Ceramics are made from clays with varying
composition. Modifiers and colorants
are added to alter the appearance and properties of the finished
ceramic. The clay mixture, also called the body, is shaped using
a variety of techniques including turning, coiling, and molding.
The shaped objects are heated in a kiln to drive off water and
realign the crystalline structure of the clay. The clay becomes
compacted and in some cases begins to melt during firing.
The common clay bodies are earthenware,
stoneware, and porcelain. Earthenware
is porous and often coarse bodied and has been fired at a relatively
low temperature. Stoneware is also often coarse bodied, but is
fired at a high enough temperature that the stoneware body is
impermeable to water even without a glaze. Stoneware can also
be smooth bodied as in Wedgwood Jasperwares, which are not glazed.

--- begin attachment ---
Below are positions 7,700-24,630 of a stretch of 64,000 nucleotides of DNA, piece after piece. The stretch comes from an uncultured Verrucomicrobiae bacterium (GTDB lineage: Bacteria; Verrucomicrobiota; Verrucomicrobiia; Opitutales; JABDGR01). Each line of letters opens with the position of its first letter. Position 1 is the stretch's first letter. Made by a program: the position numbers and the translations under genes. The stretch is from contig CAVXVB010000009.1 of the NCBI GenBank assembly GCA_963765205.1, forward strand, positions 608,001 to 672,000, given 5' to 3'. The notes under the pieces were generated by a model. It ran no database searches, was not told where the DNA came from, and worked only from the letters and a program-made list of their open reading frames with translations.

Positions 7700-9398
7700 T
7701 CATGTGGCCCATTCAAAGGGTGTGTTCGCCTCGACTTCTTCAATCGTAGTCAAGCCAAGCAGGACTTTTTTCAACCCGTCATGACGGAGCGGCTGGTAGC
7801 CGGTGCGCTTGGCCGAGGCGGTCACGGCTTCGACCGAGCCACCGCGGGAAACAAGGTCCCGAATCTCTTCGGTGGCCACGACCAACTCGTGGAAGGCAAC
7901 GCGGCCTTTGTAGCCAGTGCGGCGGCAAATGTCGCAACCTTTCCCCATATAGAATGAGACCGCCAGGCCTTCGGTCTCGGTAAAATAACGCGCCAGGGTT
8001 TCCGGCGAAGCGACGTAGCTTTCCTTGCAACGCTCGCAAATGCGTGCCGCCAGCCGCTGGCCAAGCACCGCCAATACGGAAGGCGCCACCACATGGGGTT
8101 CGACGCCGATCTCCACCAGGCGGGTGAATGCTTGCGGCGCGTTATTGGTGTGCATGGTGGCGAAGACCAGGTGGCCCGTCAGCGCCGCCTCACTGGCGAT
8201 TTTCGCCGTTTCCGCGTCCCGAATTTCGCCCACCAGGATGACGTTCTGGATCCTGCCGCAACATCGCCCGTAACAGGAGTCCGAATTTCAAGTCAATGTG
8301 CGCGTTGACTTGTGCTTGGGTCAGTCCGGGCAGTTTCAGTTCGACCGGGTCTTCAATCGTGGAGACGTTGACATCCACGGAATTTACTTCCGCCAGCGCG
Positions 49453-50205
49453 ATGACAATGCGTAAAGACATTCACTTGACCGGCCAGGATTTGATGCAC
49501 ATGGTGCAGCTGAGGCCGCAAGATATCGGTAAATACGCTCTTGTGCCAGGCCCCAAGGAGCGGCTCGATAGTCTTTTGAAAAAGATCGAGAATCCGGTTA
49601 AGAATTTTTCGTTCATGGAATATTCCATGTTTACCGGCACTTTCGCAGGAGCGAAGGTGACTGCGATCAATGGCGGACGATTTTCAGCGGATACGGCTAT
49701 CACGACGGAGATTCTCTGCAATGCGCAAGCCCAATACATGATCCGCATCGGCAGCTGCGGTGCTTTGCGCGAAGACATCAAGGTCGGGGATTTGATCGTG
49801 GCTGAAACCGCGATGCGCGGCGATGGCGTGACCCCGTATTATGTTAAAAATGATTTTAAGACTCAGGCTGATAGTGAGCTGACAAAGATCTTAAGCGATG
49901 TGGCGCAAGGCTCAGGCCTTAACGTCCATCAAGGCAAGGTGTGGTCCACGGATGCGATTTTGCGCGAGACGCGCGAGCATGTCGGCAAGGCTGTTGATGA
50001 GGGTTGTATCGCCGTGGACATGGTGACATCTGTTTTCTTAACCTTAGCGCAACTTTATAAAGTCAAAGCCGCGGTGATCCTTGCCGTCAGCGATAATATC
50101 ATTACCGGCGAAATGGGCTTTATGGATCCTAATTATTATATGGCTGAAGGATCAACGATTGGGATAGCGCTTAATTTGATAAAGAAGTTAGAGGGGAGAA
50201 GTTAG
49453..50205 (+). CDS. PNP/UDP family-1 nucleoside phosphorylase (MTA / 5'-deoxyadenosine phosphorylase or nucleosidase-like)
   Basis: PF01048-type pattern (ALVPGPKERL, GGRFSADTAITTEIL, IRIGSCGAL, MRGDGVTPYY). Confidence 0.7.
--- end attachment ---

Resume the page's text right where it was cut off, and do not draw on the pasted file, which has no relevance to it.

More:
Porcelains are fine-bodied ceramics
that are fired at very high temperatures
to create a glass-like, vitrified body. Porcelain bodies fuse
with the glaze layer during firing. They are very strong and,
as a result, can be made very thin.
Ceramics are usually decorated with colored slips and glass slurries. The slips and slurries applied contain ground
glassy materials that melt upon firing to form a glaze. Colorants
and other minerals are used to modify the glaze to produce different
colors and effects.
- Save all the pieces.
- Don't do home repairs.
- Find a conservator.
Caring for Ceramics
Caring for Glass
Ceramics by Conservator
Ring Supports for Round